💉 Bye, cancer? What the vaccine revolution could mean for you

💉 Bye, cancer? What the vaccine revolution could mean for you

Call it the silver lining of the pandemic. The Covid-19 vaccine miracle just may be the beginning of the end for cancer, malaria, and other killer diseases, writes Ulrika Gerth.

Ulrika Gerth
Ulrika Gerth

Share this story!


📉 What people think

While our optimistic readers say they have high hopes for next-generation vaccine development, articles from the spring of 2020 remind us the experts were bearish about the prospect of a Covid-19 vaccine coming to the world’s rescue any time soon.

📈 Here are the facts

On the one-year anniversary of the pandemic, more than 1.3 billion doses of the brand-new Covid-19 vaccines had been administered. The breakneck speed at which the vaccines were developed signals a new era has arrived — and puts the spotlight on the wide range of devastating diseases that the new technologies can potentially solve next. Bye, cancer?

💡 The Optimist’s Edge

Vaccine platforms, global infrastructure, and money — gobs of it. It all paved the way for the groundbreaking Covid-19 vaccines. But, perhaps, even more importantly, it created a blueprint for the future. We have seen what’s possible and can do it again, and again. That spells good news for global health — and your future wellbeing.

👇 How to get the Optimist’s Edge

No year has seen more clinical trials for mRNA-based cancer vaccine therapeutics than 2021. It is just one development brought about by the Covid-19 vaccine success that you can help support — or participate in.

Photo by Towfiqu barbhuiya on Unsplash 

📉 What people think

The lightning speed of the Covid-19 vaccine development has buoyed our readers. When asked whether they think there will be vaccines for other serious diseases, such as cancer, AIDS, and Alzheimer’s in their lifetime, as many as 7 out of 10 replied yes.

Only last year, many were likely not so optimistic.

Let’s turn back time to April of 2020. The SARS-CoV-2 pandemic was sweeping across the globe. Deaths mounted as the debate over restrictions and lockdowns raged 24/7. If only Dr. Anthony S. Fauci, the U.S. top infectious disease expert, ventured a guess. It would be 12 to 18 months — if we were lucky. The New York Times called it a “rosy forecast.”

At the time, the vaccine for the mumps virus was the fastest ever developed; in the 1960s, it took four years from virus sampling to approval. Other vaccines had typically taken a decade or longer. The chickenpox vaccine development churned for 28 years, the rotavirus and human papillomavirus both clocked in at 15 years. In the most dire scenario, the NYT estimated the world would have to wait until 2033 for a Covid-19 vaccine.

“The grim truth,” the NYT wrote, “is that a vaccine probably won’t arrive any time soon. Clinical trials almost never succeed. We’ve never released a coronavirus vaccine for humans before… “But if there was any time to fast-track a vaccine. It is now.”

📈 Here are the facts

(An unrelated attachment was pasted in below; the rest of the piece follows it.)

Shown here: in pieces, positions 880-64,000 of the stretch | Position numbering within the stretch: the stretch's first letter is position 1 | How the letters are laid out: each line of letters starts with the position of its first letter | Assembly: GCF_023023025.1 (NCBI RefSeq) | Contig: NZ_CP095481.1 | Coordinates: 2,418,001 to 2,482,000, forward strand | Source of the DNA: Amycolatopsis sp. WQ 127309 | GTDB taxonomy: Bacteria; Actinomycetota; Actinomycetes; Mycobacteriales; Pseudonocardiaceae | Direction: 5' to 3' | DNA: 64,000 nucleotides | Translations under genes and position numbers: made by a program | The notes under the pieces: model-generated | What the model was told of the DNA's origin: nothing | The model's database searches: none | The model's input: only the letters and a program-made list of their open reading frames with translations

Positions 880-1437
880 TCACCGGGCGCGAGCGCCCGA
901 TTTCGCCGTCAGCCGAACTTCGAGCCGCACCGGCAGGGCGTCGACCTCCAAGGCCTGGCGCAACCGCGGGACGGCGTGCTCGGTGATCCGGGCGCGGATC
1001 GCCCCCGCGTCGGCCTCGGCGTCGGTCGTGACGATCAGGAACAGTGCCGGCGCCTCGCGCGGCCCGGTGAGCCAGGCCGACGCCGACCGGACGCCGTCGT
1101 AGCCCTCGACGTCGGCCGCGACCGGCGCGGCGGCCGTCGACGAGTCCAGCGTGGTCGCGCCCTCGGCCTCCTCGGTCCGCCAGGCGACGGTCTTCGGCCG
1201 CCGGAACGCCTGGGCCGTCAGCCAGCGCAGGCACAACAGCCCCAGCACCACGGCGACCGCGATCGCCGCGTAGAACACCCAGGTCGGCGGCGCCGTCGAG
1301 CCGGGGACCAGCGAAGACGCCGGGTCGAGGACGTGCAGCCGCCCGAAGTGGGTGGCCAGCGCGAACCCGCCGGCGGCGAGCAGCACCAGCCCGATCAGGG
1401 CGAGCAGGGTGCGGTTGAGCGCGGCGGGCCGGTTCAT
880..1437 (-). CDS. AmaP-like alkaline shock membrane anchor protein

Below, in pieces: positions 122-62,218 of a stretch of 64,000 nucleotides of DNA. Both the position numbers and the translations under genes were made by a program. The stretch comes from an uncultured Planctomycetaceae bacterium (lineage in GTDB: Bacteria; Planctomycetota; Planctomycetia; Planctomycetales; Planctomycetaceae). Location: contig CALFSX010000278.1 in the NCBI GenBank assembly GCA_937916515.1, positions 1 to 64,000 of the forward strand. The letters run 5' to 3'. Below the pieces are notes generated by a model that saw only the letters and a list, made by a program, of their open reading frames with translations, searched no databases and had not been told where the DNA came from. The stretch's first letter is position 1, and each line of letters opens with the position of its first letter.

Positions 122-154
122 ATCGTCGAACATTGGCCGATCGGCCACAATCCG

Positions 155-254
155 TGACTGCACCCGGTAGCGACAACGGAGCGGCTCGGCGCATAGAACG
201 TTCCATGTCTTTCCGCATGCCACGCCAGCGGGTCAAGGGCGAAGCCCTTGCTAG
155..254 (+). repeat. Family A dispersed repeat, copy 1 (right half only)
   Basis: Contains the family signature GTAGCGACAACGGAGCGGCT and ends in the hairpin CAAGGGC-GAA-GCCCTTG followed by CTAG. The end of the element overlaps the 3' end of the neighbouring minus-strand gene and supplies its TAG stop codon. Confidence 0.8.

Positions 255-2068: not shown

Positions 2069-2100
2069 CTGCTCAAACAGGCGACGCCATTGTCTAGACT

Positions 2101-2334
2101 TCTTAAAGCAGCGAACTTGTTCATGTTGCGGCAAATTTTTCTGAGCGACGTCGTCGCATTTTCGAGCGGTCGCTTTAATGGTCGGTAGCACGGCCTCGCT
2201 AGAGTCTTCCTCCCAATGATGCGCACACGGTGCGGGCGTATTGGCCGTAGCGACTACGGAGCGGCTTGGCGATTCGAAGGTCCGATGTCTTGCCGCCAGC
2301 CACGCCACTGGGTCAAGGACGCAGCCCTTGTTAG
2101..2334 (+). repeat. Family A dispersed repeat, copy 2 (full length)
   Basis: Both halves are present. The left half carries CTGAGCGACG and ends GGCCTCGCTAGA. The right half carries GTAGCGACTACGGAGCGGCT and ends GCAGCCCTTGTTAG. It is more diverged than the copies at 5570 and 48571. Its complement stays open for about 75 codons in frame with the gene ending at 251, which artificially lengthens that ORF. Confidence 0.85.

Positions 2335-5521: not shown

About 12 months after the publication of the NYT article, the success of the Covid-19 vaccine development exceeded even the rosiest forecasts. As the pandemic reached the one-year mark, more than 1.3 billion vaccine doses had been administered and three vaccines enjoyed emergency-use authorization (EUA).

Most of us can remember the feeling of awe when we learned Moderna’s RNA vaccine had entered clinical trials only two months after researchers sequenced the SARS-CoV-2 genome in January of 2020. If the pandemic had struck only five years earlier, experts say the innovative RNA technology would not have been ready.

Once upon a time

The story of the Covid-19 vaccines and the record pace at which they were developed began decades ago. Little did the researchers of the 1980s know that their work to create adenoviral vectors would lead to the sensational development of our first Ebola vaccine as well as two pandemic game changers, the vaccines from AstraZeneca and Johnson & Johnson.

And no one could have imagined the significance of a 1988 chance meeting at a Xerox machine of two scientists at the University of Pennsylvania. After a brief exchange about taking turns on the copier, Drew Weissman told Katalin Karikó that he was using DNA to make an HIV vaccine. She argued for RNA. They decided to collaborate.

In 2005, they published a landmark research paper that explained how messenger RNA, or mRNA, could be altered for therapeutic use. Now, their modified mRNA technology is licensed by Moderna and Pfizer/BioNTech and constitutes one of several groundbreaking developments that have not only helped turn the tide on the pandemic but also offer promise for combatting a range of deadly diseases.

mRNA1: The mRNA encodes a key protein of SARS-CoV-2 inside our cells. mRNA2: Messenger RNA (red) produced from a DNA strand.

Ready, set, research

Three years before the pandemic hit, Moderna, for example, built a $130 million, two-storey manufacturing plant in Norwood, Mass., to synthesize and formulate mRNA for the company’s early-stage clinical trials, including an ongoing investigation of a personalized cancer vaccine. The application of mRNA, it had been discovered, can train the immune system to recognize and destroy disease-causing agents, be they cancer cells or infectious viruses.

It’s the human version of plug-and-play — and the possibilities are potentially endless.

Diseases that have proved impervious to conventional vaccines are now the target of mRNA technology, including viruses such as cytomegalovirus (CMV), a common infectious cause of neurological defects in newborns, and respiratory syncytial virus (RSV), a potentially serious airway inflammation that can land babies and young children in the hospital.

Neurodevelopmental disorders such as ALS and dementia; genetic conditions like sickle-cell anemia; infectious diseases like Lyme and herpes; and parasitic diseases like malaria, hookworm, and leishmaniasis — there may finally be an end or relief in sight for the suffering they cause.

Gavi, a global vaccine alliance, has contributed to the vaccination of 888 million children.
Photo by National Cancer Institute on Unsplash

In early 2021, a patent for an RNA-based vaccine against malaria was indeed approved. Richard Bucala, the vaccine’s co-inventor and a scientist at the Yale School of Medicine, told The Atlantic:

“We’ve been working on this vaccine for years, but the entire landscape has changed in the last six months because of the success of COVID vaccines.”

A little more than a year earlier, only months before news seeped out from Wuhan, China, about a novel coronavirus, Nature noted — prophetically — researchers can take advantage of “the [mRNA] platform’s ease of manufacture to create rapid-turnaround products.”